When you think of exercise, what is the first thought that comes to mind? It may be a specific activity, such as running or lifting weights. It may be a physical feeling, like fatigue, soreness, or strength. It may be a goal, such as weight loss or completing a marathon. It may be an emotion, such as excitement, happiness, or possibly dread. But, when you think of exercise, is the first thing you think of “health”? Likely not, and unfortunately this disconnect between exercise being an activity you do for the sake of the activity instead of something you do for your health is contributing to you skipping a vital form of exercise.
Let’s start by classifying exercise into two types. The first type is exercise where you are using your body. The second type is exercise where you are building or rebuilding your body, i.e. (re)building. Now, you may be thinking, “All exercise involves me using my body,” and you would be correct, but stick with me. These two types of exercise are not mutually exclusive of one another – exercise that is using your body may also be (re)building your body, and vice versa. The difference between them boils down to two components: 1) Your intent or goal of doing the exercise and 2) Where your focus is while you are doing the exercise.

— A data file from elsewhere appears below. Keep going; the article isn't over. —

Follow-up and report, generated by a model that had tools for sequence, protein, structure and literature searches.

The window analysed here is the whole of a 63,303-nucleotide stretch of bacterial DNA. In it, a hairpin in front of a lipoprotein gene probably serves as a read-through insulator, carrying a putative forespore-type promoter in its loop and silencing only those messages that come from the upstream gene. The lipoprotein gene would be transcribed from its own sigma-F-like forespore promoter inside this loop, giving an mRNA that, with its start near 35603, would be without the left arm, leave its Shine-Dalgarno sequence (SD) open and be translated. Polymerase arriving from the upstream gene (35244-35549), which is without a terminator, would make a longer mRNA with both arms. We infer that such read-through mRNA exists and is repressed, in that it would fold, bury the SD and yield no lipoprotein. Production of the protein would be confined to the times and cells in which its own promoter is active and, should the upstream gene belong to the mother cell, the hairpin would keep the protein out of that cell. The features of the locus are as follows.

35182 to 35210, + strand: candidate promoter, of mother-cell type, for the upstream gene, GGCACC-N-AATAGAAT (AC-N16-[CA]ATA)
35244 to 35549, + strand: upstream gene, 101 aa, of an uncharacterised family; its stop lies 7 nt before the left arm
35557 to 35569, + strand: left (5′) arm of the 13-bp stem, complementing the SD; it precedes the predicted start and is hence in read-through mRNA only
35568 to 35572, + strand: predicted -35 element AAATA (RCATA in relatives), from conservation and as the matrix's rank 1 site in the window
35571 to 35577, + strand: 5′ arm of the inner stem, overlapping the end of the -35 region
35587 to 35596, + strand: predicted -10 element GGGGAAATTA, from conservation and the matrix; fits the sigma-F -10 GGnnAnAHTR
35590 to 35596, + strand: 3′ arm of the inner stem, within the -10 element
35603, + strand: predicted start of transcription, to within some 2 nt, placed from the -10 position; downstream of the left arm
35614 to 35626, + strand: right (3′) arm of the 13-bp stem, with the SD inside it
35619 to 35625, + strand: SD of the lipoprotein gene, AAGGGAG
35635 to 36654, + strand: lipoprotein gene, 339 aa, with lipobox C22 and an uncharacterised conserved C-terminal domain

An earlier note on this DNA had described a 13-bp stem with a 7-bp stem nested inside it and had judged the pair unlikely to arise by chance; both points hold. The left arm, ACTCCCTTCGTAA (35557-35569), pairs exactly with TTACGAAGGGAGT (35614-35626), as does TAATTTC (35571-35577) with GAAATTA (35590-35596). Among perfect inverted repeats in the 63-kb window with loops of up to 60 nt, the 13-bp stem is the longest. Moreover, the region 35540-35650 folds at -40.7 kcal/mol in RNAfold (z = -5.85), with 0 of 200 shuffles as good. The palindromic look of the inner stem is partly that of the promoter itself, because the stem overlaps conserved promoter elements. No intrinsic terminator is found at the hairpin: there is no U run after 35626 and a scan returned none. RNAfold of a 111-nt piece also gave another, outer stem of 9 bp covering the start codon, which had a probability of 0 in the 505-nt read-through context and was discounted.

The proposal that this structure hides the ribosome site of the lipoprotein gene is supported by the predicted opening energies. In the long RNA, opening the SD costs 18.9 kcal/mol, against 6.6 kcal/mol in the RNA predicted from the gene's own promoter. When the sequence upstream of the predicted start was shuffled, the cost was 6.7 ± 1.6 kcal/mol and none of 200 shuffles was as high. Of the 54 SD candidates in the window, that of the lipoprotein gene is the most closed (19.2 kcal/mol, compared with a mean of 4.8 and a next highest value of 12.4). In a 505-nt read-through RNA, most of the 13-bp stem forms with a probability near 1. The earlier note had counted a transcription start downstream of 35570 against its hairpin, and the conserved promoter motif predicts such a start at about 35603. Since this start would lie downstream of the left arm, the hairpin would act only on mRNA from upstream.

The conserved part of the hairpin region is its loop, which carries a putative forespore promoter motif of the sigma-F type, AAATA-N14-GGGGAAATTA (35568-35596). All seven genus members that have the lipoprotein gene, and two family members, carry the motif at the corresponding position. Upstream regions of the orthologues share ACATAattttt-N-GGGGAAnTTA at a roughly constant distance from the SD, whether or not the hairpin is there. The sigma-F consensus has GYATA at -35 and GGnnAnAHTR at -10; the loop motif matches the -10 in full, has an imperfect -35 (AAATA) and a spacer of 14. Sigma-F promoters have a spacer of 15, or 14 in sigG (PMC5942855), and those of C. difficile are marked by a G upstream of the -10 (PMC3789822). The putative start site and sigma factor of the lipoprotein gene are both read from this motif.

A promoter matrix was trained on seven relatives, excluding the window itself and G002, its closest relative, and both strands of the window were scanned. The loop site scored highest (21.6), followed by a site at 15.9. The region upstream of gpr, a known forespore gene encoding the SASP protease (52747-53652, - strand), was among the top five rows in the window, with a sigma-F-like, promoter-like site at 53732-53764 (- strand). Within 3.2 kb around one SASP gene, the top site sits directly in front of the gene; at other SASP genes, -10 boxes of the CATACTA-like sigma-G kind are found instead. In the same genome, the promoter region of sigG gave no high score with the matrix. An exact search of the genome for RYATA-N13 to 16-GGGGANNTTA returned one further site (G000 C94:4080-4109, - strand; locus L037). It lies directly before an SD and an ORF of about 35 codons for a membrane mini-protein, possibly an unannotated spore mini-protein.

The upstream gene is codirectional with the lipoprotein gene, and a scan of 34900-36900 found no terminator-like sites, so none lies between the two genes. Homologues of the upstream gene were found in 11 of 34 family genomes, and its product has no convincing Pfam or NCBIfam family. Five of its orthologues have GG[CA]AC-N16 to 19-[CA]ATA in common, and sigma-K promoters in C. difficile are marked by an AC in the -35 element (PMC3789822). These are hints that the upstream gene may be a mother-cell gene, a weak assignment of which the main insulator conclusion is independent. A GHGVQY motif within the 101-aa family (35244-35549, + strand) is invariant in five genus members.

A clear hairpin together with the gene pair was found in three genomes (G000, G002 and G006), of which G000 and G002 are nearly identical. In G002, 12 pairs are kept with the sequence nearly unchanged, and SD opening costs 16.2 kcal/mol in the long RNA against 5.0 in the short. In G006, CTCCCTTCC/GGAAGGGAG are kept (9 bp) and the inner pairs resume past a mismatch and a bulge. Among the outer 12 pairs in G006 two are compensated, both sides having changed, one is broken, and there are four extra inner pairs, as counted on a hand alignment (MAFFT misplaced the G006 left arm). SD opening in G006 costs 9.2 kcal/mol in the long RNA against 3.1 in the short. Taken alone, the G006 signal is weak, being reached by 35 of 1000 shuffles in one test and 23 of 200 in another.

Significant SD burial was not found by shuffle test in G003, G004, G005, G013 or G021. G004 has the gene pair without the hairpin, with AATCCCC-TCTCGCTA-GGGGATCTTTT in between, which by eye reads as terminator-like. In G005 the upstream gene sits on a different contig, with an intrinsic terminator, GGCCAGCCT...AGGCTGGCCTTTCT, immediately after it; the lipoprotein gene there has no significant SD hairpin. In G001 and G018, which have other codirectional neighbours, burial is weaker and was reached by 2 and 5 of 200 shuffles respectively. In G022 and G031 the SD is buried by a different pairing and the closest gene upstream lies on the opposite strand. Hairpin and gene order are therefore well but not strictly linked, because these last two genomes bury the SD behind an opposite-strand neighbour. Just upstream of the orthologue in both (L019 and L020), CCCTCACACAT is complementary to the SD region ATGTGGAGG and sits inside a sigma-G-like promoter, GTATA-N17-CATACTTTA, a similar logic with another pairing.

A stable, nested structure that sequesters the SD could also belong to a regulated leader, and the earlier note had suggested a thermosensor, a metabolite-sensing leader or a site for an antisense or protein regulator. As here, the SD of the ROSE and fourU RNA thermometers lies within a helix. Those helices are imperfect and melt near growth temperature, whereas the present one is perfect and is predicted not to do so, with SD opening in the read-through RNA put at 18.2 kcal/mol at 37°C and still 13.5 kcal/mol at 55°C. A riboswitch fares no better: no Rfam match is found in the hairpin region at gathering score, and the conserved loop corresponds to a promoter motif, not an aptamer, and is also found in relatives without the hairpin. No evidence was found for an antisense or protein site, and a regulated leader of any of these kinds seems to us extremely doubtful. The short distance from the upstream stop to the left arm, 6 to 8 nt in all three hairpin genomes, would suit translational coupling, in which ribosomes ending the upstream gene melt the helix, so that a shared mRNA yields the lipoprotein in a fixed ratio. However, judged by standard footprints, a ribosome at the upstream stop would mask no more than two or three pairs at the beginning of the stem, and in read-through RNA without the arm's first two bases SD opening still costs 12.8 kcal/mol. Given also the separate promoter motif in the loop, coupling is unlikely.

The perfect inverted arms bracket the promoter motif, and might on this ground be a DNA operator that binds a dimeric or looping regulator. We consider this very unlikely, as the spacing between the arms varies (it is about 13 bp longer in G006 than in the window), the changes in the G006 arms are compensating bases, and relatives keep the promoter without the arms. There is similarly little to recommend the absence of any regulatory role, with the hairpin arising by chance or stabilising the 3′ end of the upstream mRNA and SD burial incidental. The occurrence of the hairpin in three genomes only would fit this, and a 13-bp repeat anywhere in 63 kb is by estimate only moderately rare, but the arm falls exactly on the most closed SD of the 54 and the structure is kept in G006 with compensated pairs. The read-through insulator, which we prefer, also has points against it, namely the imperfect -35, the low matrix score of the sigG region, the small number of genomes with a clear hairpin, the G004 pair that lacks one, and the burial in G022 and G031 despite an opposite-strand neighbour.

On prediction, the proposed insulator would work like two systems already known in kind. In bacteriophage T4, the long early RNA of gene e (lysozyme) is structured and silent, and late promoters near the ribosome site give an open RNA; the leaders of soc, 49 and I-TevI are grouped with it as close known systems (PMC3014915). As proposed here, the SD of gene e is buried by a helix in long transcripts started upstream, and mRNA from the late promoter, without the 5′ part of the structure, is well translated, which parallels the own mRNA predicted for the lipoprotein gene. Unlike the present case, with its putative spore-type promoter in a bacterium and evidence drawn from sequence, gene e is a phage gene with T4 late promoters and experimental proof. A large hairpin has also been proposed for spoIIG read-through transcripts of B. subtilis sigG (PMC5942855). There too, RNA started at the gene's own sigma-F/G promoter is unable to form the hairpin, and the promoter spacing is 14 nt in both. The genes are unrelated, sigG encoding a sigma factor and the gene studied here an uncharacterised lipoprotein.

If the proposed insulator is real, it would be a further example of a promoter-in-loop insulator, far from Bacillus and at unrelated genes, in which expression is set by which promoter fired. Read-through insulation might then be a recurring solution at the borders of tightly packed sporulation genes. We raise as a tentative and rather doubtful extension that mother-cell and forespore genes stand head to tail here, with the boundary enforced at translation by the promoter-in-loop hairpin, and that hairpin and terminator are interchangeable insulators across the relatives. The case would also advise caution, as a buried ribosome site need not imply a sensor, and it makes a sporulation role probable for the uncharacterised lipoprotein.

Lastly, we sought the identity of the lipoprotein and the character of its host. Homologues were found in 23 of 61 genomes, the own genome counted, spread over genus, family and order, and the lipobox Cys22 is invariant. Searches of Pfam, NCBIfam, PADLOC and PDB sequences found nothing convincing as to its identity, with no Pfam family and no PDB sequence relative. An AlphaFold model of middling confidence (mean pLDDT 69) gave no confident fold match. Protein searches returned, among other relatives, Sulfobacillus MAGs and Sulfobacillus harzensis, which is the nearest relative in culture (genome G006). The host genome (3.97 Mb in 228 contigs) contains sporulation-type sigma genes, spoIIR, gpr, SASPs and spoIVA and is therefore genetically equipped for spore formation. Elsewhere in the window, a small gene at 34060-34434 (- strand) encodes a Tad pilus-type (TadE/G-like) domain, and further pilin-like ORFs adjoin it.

Exercise where you are using your body has a few defining characteristics. First, it utilizes what is called an external focus of attention. In other words, when you are doing the exercise, you are focusing on something that is outside of your body. For example, if you are doing a biceps curl, you would be focusing on moving the dumbbell up and down.
Second, the goal of exercise is something outside of the body, as well. This is often discussed as weight, time, reps, distance, or some other metric. The goal of your 5K may be to run it in under 25 minutes. The goal of doing your squats may be to do 200 pounds for five reps. All of these are goals that fall outside of the body.